Gimpel’s gullibility also has an important connection to his strong religious faith, since faith inherently relies on one’s willingness to believe things without hard evidence. Multiple characters make explicit this tie to religious belief. When Gimpel reports to the rabbi, after being repeatedly deceived, that he’s adopted a new policy of believing everything he hears, the rabbi declares, “Belief in itself is beneficial. It is written, a good man lives by his faith.” Gimpel makes a similar comment while convincing himself that, against all evidence, his wife Elka has been faithful: “today it’s your wife you won’t believe; tomorrow it’s God himself you won’t take stock in.” The Spirit of Evil follows this same logic in the opposite direction when he uses the frequent lying and trickery of people on earth to support the conclusion that even the convictions most sacred to Gimpel—the existence of God and the afterlife—are false, too. The Spirit likens the religious authorities, holy books, and other people of faith to swindlers, and in so doing shows the spiritual peril of doubt and negation.
Ultimately, “Gimpel the Fool” suggests that the people of Frampol are wrong to view Gimpel’s trustfulness as his great weakness. Instead, his belief makes him wiser, kinder, and more pious, while the villains of the story are those who are perpetually doubting, who are always skeptical, a habit directly connected to their faithlessness and evil-doing.
Credulity as Wisdom and Holy Faith ThemeTracker
Credulity as Wisdom and Holy Faith Quotes in Gimpel the Fool
Everything is possible, as it is written in the Wisdom of the Fathers. I forget just how.
To tell the truth, I knew very well that nothing of the sort had happened, but all the same, as folks were talking, I threw on my wool vest and went out. Maybe something had happened. What did I stand to lose by looking?
“It is written, better to be a fool all your days than for one hour to be evil. You are not a fool. They are the fools. For he who causes his neighbor to feel shame loses Paradise himself.”
‘Enough of being a donkey,’ I said to myself. ‘Gimpel isn’t going to be a sucker all his life. There’s a limit to the foolishness even of a fool like Gimpel.’
And then she denies it so, maybe I was only seeing things? Hallucinations do happen. You see a figure or a mannikin or something, but when you come up closer it’s nothing, there’s not a thing there. And if that’s so, I’m doing her an injustice. And when I got so far in my thoughts I started to weep.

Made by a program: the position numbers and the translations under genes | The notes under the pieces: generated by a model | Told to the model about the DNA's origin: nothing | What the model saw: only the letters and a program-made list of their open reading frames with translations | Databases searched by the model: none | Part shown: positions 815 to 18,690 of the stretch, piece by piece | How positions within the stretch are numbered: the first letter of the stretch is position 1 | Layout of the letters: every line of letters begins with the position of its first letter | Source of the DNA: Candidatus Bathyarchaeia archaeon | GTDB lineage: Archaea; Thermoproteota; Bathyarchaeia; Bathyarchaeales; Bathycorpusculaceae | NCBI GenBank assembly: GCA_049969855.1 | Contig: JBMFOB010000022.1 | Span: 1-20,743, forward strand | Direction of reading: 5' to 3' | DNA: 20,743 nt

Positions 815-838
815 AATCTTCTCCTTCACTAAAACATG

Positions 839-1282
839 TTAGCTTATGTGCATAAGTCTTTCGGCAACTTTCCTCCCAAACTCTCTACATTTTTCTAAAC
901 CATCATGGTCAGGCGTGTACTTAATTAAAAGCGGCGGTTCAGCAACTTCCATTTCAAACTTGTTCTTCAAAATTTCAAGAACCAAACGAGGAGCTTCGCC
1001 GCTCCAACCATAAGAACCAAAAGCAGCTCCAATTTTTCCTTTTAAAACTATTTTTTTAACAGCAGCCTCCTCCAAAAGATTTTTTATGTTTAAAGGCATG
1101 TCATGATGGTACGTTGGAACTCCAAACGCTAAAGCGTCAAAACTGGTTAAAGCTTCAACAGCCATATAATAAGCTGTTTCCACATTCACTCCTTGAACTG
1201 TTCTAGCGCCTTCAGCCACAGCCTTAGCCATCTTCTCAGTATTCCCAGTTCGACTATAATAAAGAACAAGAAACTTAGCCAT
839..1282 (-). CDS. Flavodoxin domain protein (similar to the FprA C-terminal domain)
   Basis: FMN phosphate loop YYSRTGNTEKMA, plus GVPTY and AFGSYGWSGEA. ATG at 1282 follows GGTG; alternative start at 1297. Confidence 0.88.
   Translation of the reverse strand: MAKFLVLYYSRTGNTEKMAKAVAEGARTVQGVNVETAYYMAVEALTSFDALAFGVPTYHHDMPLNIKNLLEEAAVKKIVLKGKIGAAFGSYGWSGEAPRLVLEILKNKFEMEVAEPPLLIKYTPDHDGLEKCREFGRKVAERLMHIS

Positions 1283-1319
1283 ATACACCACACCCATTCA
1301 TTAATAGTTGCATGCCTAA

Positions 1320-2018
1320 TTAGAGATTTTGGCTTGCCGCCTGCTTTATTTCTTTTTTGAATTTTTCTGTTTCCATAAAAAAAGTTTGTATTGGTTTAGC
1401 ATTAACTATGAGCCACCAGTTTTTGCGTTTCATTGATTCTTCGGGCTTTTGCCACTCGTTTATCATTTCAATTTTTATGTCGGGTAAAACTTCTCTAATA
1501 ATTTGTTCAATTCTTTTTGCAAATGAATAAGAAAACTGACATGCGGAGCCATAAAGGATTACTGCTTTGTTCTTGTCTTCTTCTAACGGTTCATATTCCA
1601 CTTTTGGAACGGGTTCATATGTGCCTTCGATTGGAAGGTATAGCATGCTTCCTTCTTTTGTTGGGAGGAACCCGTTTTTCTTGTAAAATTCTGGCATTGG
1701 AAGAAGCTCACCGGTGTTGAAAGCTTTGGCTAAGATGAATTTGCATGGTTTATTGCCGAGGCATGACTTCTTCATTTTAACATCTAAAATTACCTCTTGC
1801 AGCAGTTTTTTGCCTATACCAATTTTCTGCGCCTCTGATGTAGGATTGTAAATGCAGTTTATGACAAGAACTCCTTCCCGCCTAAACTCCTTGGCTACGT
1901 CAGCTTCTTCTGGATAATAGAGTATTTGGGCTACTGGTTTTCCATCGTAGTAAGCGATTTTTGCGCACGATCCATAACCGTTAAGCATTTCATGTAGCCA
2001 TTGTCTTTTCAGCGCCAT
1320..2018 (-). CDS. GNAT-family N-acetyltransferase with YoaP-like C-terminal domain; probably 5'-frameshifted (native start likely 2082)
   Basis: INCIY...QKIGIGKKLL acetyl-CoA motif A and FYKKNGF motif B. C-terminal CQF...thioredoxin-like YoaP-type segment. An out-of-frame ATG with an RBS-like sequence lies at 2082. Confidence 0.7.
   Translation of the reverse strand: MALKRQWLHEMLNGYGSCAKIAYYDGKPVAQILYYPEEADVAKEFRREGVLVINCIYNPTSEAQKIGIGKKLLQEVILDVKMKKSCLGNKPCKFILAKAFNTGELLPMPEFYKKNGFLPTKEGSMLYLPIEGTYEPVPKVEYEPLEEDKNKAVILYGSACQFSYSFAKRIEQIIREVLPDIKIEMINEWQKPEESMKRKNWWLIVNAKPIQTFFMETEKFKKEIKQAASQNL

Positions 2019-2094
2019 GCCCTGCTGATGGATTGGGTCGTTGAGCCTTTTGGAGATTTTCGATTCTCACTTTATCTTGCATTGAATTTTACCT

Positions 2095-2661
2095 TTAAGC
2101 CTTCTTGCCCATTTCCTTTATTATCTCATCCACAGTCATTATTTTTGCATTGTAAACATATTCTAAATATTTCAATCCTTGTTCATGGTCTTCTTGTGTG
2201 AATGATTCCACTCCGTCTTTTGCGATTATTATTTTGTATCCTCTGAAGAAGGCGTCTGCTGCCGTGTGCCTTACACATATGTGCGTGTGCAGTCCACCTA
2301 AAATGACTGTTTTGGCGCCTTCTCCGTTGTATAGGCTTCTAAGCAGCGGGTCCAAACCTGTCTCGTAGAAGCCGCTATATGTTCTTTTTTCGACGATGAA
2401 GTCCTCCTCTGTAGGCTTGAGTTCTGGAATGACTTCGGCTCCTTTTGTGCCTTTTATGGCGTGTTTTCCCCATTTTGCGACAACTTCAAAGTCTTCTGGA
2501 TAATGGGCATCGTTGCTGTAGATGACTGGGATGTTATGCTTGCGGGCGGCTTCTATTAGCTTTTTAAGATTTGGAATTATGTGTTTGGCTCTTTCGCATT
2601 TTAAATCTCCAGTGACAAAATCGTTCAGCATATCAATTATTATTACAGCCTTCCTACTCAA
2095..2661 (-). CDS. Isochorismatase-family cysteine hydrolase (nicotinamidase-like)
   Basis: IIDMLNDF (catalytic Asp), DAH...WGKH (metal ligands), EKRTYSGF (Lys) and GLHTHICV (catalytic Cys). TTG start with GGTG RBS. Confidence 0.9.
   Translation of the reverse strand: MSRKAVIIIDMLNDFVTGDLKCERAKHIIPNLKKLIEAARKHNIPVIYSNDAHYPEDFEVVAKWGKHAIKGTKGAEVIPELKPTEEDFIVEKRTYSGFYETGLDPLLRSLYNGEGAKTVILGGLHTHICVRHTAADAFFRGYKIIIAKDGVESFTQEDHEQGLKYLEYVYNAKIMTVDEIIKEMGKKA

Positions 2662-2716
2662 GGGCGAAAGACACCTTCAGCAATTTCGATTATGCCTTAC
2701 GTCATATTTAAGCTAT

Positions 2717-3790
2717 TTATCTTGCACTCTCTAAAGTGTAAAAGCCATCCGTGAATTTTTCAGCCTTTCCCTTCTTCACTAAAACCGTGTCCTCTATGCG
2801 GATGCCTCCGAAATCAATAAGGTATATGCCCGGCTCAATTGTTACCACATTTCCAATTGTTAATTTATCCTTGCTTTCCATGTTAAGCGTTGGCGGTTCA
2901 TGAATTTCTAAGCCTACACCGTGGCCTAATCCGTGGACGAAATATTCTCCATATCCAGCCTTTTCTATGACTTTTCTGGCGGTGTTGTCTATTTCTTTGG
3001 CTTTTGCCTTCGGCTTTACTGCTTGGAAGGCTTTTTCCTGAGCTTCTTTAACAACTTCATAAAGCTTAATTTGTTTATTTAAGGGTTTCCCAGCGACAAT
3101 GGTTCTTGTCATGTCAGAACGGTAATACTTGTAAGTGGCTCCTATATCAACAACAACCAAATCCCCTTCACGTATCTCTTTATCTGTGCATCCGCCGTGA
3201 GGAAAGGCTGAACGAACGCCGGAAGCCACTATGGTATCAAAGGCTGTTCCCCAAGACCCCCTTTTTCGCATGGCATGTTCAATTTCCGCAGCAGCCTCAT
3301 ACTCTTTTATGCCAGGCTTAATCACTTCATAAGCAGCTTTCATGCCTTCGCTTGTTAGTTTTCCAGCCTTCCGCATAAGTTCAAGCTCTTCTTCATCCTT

I resolved that I would always believe what I was told. What’s the good of not believing? Today it’s your wife you don’t believe; tomorrow it’s God himself you won’t take stock in.
It was all up with Elka. On her whitened lips there remained a smile. I imagined that, dead as she was, she was saying, ‘I deceived Gimpel. That was the meaning of my brief life.
‘Let the sages of Frampol eat filth.’
‘What about the judgment in the world to come?’ I said.
‘There is no world to come,’ he said. “They’ve sold you a bill of goods and talked you into believing you carried a cat in your belly. What nonsense!’ ‘Well then,’ I said, ‘And is there a God?’
He answered, ‘There is no God either.’
‘What,’ I said, ‘is there, then?’
‘A thick mire.’
I heard a great deal, many lies and falsehoods, but the longer I lived, the more I understood that there were really no lies. Whatever doesn’t really happen is dreamed at night. It happens to one if it doesn’t happen to another, tomorrow if not today, or a century hence if not next year. What difference does it make? Often I heard tales of which I said, ‘Now this is a thing that cannot happen.’ But before a year had elapsed I heard that it had actually come to pass somewhere.
She is standing by the washtub, as at our first encounter, but her face is shining and her eyes are as radiant as the eyes of a saint, and she speaks outlandish words to me, strange things. When I wake I have forgotten it all. But while the dream lasts I am comforted. She answers all my queries, and what comes out is that all is right.
No doubt the world is entirely an imaginary world, but it is only once removed from the real world….Whatever may be there, it will be real, without complication, without ridicule, without deception. God be praised: there even Gimpel cannot be deceived.